eliminating bogus port 43 exits

Tim Wilde tim at krellis.org
Fri Jun 12 11:54:55 UTC 2009

On 6/12/2009 3:29 AM, Scott Bennett wrote:
> In other words, by restricting just port 43 exits to only the legitimate whois
> IP addresses, I eliminated at least 70% of *all* exits through my tor node,
> which suggests to me that the vast, overwhelming majority of exits from the
> tor network are illegitimate and place a terribly taxing load upon the tor
> network as a whole.


Thanks for your continued analysis, this is interesting information.
However, the list of WHOIS servers you mentioned (and I snipped for
brevity) is by no means a complete set of "the legitimate WHOIS IP
addresses".  In fact, it's much much too small to draw any significant
conclusions, for at least two major reasons:

1) Any .com or .net WHOIS queries that hit whois.verisign-grs.com (aka
whois.internic.net in your list) with a legitimate domain name will
result in a referral to an individual registrar's WHOIS server, which
will often be followed by the client, and would not be allowed by your
exit policy.  There are potentially tens of thousands of these registrar
WHOIS servers out there.

2) Your list significantly excludes all ccTLD WHOIS servers.  While the
numbers of domains registered in ccTLDs are not significant compared to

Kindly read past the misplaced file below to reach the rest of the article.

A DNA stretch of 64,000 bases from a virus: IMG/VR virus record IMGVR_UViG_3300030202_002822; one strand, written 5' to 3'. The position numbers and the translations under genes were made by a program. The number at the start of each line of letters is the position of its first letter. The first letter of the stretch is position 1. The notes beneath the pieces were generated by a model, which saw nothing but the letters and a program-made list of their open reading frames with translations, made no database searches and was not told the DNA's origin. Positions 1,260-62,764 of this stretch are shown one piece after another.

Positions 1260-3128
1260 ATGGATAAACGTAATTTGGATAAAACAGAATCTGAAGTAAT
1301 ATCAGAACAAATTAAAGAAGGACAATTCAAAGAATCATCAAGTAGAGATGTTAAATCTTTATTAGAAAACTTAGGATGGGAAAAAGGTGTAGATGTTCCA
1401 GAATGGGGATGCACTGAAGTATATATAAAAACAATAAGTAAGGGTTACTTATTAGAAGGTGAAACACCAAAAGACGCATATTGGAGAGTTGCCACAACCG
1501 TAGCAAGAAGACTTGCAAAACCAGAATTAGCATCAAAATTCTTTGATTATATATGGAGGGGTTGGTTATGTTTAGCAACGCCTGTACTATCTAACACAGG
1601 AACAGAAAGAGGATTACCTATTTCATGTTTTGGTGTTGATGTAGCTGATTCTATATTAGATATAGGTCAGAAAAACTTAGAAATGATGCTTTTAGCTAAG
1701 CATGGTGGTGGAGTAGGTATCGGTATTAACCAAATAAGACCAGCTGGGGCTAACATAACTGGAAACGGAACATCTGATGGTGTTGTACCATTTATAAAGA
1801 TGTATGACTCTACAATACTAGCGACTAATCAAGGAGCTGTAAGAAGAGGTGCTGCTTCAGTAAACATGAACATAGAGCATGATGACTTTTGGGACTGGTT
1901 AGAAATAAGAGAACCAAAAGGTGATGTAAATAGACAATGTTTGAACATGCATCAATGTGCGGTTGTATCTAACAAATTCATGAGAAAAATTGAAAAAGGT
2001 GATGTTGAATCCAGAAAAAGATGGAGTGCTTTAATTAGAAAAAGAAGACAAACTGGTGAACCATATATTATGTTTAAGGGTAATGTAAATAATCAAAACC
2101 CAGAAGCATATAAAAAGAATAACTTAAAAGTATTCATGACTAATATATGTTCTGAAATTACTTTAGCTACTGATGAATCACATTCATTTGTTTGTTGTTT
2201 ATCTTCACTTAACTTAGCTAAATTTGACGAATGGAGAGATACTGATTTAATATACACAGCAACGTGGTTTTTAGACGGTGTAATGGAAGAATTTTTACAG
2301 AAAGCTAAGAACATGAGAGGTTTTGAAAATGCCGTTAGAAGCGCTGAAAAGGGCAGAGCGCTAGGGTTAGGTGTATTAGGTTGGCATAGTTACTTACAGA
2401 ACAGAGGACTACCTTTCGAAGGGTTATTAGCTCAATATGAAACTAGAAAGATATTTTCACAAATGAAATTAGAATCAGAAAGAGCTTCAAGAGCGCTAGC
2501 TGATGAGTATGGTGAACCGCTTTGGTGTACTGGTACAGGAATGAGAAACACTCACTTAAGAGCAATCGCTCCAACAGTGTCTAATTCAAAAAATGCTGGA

.com/.net, their use is quite popular in a number of places,
particularly in some where Tor is also quite popular, ie Germany.

I'd be interested in seeing a comparison done with a more significantly
complete list.  I understand you feel very strongly about sampling the
contents of the traffic, and that's perfectly understandable and
appropriate, but it is probably the only way to actually make a firm
determination of how much of this exit traffic really is WHOIS, without
crafting a VERY large Exit policy.  It may be possible, with
appropriately engineered tools, to sample the traffic in a suitably
anonymous way but still draw some conclusions, perhaps by simply
attempting to determine if the TCP session involves mostly text or
binary data.  That may still be a bit too intrusive, so I suppose we
might just never know.

Given these shortcomings in the list, I definitely wouldn't suggest that
such a list be considered a "default", as you'll be blocking a
potentially significant amount of legitimate WHOIS traffic.

If you do attempt to dig up a more complete list of WHOIS servers, I'd
certainly be interested to see what you come up with, but of course
understand you're doing this all on your own time and dime, and would
never suggest that you're by any means obligated to do so. :)

Best Regards,

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